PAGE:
MASERU — The dispute over permits between the Lesotho Athletics Amateur Association (LAAA) and a group of local athletes spilled into parliament last week.
The association’s executive committee on Tuesday disowned the athletes during a meeting of the social cluster portfolio committee.
The meeting was called after the athletes sought parliament’s intervention in the dispute a fortnight ago.
The athletes are Mabuthile Lebopo, Lebenya Nkoka, Teboho Sello, Rasta Mohloli, Warinyane Lebopo, Motlokoa Nkhabutlane, Moeketsi Mosuhli, Lebohang Monyoebe, Phatlalla Mohloli and Lebohang Mahloane.
The athletes and the LAAA have been on each other’s throats since 2008 over permits, clearances and national performances.
The LAAA has constantly refused to issue permits to the athletes to allow them to compete in South African marathons or clearances to join clubs in that country.
The association argues they cannot give the athletes permits because they perform dismally while on national duties but do well in private competitions in South Africa.
Lesotho’s athletes have been dominating South African marathons over the past several years.
On the other hand, the runners accuse the LAAA of not giving them enough time to prepare for national call-ups and failing to issue clearances and permits when needed.
“The names mentioned here were somehow members of LAAA but right now they are no longer our members,” LAAA president Mokebe Maketela told the parliamentary committee on Tuesday.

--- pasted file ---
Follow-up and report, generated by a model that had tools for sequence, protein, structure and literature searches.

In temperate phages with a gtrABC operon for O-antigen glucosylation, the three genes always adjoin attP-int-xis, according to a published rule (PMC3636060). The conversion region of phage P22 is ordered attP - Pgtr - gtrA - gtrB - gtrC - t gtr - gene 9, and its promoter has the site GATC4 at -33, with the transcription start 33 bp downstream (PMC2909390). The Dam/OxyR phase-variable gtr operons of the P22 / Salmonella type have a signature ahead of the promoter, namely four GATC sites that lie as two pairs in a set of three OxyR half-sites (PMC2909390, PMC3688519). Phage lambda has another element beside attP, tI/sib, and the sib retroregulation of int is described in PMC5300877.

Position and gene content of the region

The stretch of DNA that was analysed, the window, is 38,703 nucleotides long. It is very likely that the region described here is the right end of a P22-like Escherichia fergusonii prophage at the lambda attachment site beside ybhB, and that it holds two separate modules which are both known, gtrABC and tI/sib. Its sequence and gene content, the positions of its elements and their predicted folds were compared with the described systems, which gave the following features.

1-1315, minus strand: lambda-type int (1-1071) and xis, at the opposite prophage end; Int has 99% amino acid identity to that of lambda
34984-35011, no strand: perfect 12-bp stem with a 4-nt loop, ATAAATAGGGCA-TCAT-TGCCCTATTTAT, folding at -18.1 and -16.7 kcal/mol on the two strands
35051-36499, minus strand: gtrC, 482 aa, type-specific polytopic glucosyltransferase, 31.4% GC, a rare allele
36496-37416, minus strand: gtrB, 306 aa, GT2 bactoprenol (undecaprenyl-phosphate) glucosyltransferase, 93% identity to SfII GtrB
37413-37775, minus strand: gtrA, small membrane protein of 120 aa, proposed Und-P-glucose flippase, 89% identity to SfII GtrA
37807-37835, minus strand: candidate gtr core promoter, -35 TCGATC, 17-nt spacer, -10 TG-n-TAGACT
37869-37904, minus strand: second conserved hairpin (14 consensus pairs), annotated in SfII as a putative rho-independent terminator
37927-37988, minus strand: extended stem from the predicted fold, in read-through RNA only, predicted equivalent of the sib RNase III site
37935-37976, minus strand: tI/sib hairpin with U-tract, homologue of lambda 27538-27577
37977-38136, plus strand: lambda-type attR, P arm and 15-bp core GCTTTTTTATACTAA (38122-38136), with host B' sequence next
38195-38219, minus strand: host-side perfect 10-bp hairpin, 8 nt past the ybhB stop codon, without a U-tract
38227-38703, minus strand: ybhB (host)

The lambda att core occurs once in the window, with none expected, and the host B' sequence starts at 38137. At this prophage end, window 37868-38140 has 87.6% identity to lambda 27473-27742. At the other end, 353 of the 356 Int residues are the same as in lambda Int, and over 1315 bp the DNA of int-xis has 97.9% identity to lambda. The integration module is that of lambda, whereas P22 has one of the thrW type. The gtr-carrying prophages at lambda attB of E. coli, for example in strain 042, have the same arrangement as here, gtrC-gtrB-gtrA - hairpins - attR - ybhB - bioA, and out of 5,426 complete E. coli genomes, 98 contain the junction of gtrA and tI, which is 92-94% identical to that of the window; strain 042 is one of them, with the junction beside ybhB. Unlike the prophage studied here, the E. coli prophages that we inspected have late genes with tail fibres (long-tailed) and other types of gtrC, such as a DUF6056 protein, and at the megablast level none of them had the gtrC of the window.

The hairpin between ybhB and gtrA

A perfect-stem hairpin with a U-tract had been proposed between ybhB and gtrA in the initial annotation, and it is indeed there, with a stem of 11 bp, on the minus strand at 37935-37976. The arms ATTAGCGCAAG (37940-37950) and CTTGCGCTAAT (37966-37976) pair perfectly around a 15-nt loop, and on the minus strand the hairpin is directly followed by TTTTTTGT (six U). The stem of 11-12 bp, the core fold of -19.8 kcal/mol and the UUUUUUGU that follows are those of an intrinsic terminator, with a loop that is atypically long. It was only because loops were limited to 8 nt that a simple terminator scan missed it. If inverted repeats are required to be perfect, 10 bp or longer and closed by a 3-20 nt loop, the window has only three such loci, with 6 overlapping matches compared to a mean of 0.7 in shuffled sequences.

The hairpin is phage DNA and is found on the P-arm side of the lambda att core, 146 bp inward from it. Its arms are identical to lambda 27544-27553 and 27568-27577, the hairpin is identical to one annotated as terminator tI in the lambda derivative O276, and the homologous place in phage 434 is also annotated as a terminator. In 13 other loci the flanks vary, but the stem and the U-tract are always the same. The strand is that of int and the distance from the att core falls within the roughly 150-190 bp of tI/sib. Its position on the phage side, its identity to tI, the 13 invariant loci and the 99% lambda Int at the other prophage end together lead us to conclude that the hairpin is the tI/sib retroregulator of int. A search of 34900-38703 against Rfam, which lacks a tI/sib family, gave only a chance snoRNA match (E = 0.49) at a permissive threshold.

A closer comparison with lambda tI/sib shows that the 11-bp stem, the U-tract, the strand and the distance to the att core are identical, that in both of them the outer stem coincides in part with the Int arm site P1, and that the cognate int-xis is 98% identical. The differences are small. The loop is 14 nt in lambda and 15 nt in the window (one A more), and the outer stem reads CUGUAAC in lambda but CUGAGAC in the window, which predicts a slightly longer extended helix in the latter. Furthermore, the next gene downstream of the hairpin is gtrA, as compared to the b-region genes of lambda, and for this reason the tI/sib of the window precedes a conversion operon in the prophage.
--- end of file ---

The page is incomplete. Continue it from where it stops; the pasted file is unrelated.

“The majority are members of South African clubs and there is no way they can be Lesotho members as well,” he said.
Maketela said it was illegal to consider the athletes as their members when they were registered with South African clubs without proper clearances.
“These people you are talking about are members of Mr Price and Toyota teams in South Africa and have been competing in the colours of South African clubs, not any Lesotho club.”
LAAA public relations officer Sejanamane Maphathe said their endless fights with the athletes were caused by the runners’ refusal to be controlled.
“We’ve always been fighting with commercial clubs in South Africa when it comes to controlling our athletes,” Maphathe said.
“If one wants to join any club outside the country they must first be cleared by their country of origin. These athletes have however refused to follow the rules,” he said.
Maphathe asked the committee to intervene and help solve problems between the two parties.
“If you can help us as parliamentarians, please approach the athletes and ask them to hand over their contracts with their sponsors to you. Read them before passing them over to us.
“That is the only way forward because there is no way we can accept these boys and girls if they do not submit their sponsorship contracts to our office.
“Since they have failed to follow procedures, we’ve on several occasions asked them to disclose their sponsorship contracts so that we can move forward,” Maphathe said.
Social cluster chairman Tahleho Mabetha told the LAAA not to victimise the athletes while negotiations were underway.
“We don’t want to hear that you’ve victimised these athletes, whose names we are disclosing before you today,” Mabetha said.
“We want the problems to come to an end for the sake of sports development in our country,” he said.